Tuesday, June 14, 2016

In Praise Of "Forming Smart Questions": Evidence Based Medicine & The FDA's Role

We have written of this before, repeatedly, but when smart doctors like Harlan Krumholz and Steve Nissen ask uncomfortable questions (even ones to which the answer may turn out to be "no"), then pursue data, and formulate hypotheses from that data -- we all, as consumers of health care, ultimately benefit.

We all benefit, provided that FDA serves its role as well -- and asks for solid evidence as to new drug candidates. The way science more than occasionally works is that we learn new things, on our way to studying other things.

Matt Herper has a nice piece up in Forbes, this morning, describing an ongoing shift in diabetes treatments that was originally animated by doctors asking questions about safety and efficacy, and doing large scale longer term studies. All of which -- even if the questions turned out to be mostly misplaced concerns -- brought Lilly's Jardiance to prominence, in a crowded field of diabetes treatments, a year ago. Here's a bit -- but do go read it all:

. . . .Jardiance, a pill sold by Eli Lilly LLY and Boehringer Ingelheim, presented its positive results just last year. Researchers say that the new results could change the way that doctors treat diabetes, shifting the treatments doctors reach for after metformin, the tried-and-true first-line drug, which is generic.

"There’s a building momentum that maybe we do need to rethink the way diabetes is cared for in America," says John Buse, the University of North Carolina, Chapel Hill researcher who led the study, which was funded by Novo Nordisk.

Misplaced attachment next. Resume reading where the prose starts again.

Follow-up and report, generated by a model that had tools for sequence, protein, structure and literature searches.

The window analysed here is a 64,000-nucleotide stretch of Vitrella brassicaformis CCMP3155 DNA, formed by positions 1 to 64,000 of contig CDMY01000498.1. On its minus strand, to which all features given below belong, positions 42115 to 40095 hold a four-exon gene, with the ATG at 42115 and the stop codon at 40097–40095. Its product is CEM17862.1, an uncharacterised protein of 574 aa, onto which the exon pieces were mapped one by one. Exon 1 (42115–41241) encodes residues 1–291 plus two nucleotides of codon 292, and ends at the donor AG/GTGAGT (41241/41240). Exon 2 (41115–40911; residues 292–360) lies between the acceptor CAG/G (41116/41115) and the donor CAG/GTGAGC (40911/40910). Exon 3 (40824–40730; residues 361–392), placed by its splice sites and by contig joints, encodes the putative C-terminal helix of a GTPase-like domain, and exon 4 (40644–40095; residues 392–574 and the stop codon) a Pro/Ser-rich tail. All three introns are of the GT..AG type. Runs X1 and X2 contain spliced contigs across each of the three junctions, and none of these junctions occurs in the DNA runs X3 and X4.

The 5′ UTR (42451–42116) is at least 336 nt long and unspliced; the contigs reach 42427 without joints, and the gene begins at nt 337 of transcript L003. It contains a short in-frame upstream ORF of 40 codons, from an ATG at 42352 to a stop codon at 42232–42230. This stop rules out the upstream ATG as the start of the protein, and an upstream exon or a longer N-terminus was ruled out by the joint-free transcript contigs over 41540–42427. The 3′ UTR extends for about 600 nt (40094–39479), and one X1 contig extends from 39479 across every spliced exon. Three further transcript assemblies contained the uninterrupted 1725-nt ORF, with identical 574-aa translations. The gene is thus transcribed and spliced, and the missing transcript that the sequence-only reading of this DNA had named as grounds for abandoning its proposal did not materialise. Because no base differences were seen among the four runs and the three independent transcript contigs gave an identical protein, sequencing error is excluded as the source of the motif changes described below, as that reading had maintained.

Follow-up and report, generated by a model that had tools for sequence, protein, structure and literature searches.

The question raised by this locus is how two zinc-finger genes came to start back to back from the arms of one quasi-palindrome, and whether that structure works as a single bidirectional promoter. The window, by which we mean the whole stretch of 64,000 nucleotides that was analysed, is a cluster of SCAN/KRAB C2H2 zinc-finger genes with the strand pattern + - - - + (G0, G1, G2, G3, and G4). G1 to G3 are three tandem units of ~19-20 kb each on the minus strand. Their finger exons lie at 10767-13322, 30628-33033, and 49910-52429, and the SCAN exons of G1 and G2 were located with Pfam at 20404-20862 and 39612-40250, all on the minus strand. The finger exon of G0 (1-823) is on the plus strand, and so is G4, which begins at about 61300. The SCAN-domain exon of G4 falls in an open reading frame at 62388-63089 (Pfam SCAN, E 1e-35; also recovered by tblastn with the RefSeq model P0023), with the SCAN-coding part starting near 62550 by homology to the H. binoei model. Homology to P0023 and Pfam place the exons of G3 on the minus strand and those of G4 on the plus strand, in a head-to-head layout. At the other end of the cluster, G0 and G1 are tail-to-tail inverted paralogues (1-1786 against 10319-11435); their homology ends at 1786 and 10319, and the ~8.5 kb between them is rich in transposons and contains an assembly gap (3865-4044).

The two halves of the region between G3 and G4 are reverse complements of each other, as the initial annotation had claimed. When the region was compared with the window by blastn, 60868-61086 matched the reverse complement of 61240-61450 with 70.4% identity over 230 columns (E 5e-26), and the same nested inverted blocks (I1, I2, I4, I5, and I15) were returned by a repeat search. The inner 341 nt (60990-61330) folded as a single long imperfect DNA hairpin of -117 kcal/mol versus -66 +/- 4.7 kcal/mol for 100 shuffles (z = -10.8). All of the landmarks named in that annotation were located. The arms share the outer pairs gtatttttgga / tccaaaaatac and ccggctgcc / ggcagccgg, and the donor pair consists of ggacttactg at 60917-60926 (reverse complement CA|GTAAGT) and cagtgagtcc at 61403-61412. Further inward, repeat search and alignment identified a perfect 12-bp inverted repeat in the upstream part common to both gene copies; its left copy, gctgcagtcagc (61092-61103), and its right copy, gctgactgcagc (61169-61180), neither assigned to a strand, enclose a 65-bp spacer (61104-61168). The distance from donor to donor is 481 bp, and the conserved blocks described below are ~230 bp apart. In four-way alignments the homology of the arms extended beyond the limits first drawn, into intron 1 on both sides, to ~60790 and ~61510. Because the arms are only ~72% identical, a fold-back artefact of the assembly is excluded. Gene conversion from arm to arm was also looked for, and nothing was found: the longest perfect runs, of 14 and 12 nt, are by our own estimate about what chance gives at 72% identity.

And doctors and Novo Nordisk itself give credit to the new diabetes data to a surprising source: Tougher regulations for diabetes drugs from the Food and Drug Administration, which many in industry had previously decried, saying it was keeping new drugs from the market and hurting patients.

"I can almost guarantee you that these trials would not have been done if it had not been for the FDA regulations," says Buse, who has been a consultant to many companies for years. "Before the guidance I was constantly pushing on companies to do these trials. . . ."

So it is that often, just being unafraid to ask questions -- smart questions, controversial questions -- ones that no one can answer -- leads to improvements in patients' lives. And we are smiling widely, this fine warmly sunny June morning.

1 comment:

Brian D said...

I appreciate the re-post. I was impressed with design of the study as written in this week's The New England Journal of Medicine. More impressing however, I found that our FDA's Commissioner has had his 'finger on the pulse' of the problem (pun intended)all along. I found a 2014 article, co-authored by the 'very capable' Dr. Robert Califf, very pleasant read and recommend it to anyone interested in the background of these drugs used to treat type-2 diabetes and how their clinical trials assess their potential impact on vascular health (Holman et al., 2014).


Holman RR, Sourij H and Califf RM (2014) Cardiovascular outcome trials of glucose-lowering drugs or strategies in type 2 diabetes. Lancet 383:2008-2017.